Features Of P.m  1. This is the market for new long term capital. The primary market is the market where the securities are sold for the first time. Therefore it is also called New Issue Market (NIM).  2. In a primary issue, the securities are issued by the company directly to investors.  3. The company receives the money and issue new security certificates to the investors.

 4.

Primary issues are used by companies for the purpose of setting up new business or for expanding or modernizing the existing business.  5. The primary market performs the crucial function of facilitating capital formation in the economy.  6. Borrowers in the new issue market may be raising capital for converting private capital into public capital; this is known as ‘going public’.

Methods of issuing securities in the PM
1. Initial Public Offer 2. Rights Issue (For existing Companies) 3. Preferential Issue.

 The

secondary market is the financial market for trading of securities that have already been issued in an initial private or public offering. Alternatively, secondary market can refer to the market for any kind of used goods. The market that exists in a new security just after the new issue, is often referred to as the aftermarket.

 Secondary

Market refers to a market where securities are traded after being initially offered to the public in the primary market and/or listed on the Stock Exchange. Majority of the trading is done in the secondary market. Secondary market comprises of equity markets and the debt markets.

STOCK EXCHANGE Stock exchange means any body of individuals, whether incorporated or not, constituted for the purpose of regulating or controlling the business of buying, selling or dealing in securities. These securities include: Shares,stocks,bonds,debentures,G ovt. securities

 According

to Securities Contract Act 1956, the stock exchange can be defined as “An association, organisation or body of assissting, regulating and controlling business in buying , selling, and dealing in securities.”

 To

regulate Stock market practices  To create efficient securities market.  To ensure fair dealing and protection to investors  To improve the working of stock exchange.  To control the undesirable speculative practices.

Role and Functions of a stock exchange

• • • •

To bring companies and investors together so that Investors can put risk capital into companies and companies can use the capital. Provide an orderly regulated market for securities. Facilitate continuous, ready and open market for selling and buying securities. Promote saving and investment in the economy by attracting funds from the investors. Facilitate takeovers by means of acquiring majority of shares traded on the stock market.

• • • • • • • • •

Act as clearing house of business information. Extend liquidity to securities. Facilitate marketability and transparency of securities. Allow companies to float their shares on the market. Ensure wider ownership of securities. Enable investors to evaluate the net worth of their holding. Provide capital to profitable sectors. Ensure safety and fair dealings to all. Motivate well reputed companies to retain their shares in “A” group to improve performance.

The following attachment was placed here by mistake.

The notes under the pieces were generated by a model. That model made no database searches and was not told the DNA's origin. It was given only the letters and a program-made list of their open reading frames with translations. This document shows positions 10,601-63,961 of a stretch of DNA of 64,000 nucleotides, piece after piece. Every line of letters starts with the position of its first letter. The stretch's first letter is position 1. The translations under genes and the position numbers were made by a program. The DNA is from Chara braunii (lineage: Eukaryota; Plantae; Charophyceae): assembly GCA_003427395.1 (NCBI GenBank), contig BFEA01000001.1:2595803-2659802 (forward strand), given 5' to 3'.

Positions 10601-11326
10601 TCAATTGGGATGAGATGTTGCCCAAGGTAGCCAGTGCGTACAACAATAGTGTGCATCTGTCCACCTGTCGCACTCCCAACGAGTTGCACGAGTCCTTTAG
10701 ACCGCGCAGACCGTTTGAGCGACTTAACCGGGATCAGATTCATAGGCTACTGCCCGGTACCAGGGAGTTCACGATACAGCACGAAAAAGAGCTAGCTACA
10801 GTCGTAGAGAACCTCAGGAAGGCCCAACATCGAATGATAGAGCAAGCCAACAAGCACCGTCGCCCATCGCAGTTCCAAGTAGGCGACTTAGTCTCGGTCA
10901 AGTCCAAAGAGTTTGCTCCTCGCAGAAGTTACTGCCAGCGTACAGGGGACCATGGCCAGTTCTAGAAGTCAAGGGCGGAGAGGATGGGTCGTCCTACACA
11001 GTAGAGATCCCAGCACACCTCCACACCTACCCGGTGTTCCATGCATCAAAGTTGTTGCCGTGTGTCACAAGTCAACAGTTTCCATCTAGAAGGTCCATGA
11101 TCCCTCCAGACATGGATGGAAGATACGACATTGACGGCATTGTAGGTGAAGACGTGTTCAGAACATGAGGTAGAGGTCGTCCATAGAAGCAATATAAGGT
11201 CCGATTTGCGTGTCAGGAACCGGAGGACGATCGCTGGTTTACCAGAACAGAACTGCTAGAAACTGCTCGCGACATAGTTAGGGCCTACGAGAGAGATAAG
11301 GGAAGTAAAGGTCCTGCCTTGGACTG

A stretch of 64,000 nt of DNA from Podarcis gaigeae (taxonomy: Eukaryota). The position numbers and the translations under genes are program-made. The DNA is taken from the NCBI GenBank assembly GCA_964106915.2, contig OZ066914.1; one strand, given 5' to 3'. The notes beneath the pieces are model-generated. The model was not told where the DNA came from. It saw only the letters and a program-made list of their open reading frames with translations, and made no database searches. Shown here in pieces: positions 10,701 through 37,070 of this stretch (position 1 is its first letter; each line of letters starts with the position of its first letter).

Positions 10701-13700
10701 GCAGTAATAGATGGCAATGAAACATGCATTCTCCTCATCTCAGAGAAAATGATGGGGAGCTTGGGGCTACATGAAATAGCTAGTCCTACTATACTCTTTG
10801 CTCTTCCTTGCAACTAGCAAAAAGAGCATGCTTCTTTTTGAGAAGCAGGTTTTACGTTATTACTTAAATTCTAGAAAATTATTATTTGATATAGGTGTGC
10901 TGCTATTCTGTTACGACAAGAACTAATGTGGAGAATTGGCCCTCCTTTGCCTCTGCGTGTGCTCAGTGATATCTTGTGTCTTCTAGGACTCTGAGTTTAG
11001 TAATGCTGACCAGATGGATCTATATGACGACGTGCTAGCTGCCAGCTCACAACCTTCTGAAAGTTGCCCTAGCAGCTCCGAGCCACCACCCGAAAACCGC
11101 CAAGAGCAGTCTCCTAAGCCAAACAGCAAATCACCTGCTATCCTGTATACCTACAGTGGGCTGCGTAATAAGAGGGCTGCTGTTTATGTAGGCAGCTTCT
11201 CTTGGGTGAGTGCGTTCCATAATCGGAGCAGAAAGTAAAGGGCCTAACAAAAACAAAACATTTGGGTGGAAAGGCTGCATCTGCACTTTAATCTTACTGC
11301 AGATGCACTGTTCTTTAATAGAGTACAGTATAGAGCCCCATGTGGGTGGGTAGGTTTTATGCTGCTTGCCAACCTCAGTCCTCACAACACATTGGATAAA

Listing of securities

A security is said to be “listed” when its name is added to the list of securities in which trading on a particular exchange is permitted. listing of securities on Indian S.E is governed by the provisions in the Companies Act 1956,SCRA,SCRR,rules,bye-laws and the regulations of the concerned S.E.

 Listing

is a common forum for dealing in securities.  Securities of the company are said to be listed when they have been included in the official list of stock exchange for the purpose of trading.

Objectives of listing To provide ready marketability, liquidity and free negotiability to stocks and shares To ensure proper supervision and control of dealings therein To protect the interests of shareholders and of general investing public

Advantages of listing
1. 2.

Management shareholders

Management perspective
 Distinct

advertising value  In broadening and diversifying shareholding  Encourages institutional investors to be interested in the shares  Comp. gains national importance & widespread recognition  Saves the cost of raising new capital

Share holders perspective
 It

provides liquidity to their holdings  It affords them to obtain best prices for the securities they want to sell off.  A mere verbal order to a stock broker will help in buying and selling security

 Transactions

are transparent, so clear prices is known  Maximum protection to the investors, with the rules and regulations held by the S.E.  Added collateral value, as banks prefer listed security against the loan.  Advantageous in case of income tax, wealth tax

Requirements of listing
 Minimum

issued capital of a company shall be Rs. 3 cr.  The minimum public offer of equity capital shall be Rs. 1.8 cr.  Prospectus shall be scrutinized by the stock exchange and SEBI.  Applications should be for minimum trading lots of securities.  Memorandum and Articles of Association must contain prescribed provisions.  Allotment should be fair and unconditional and on equitable basis.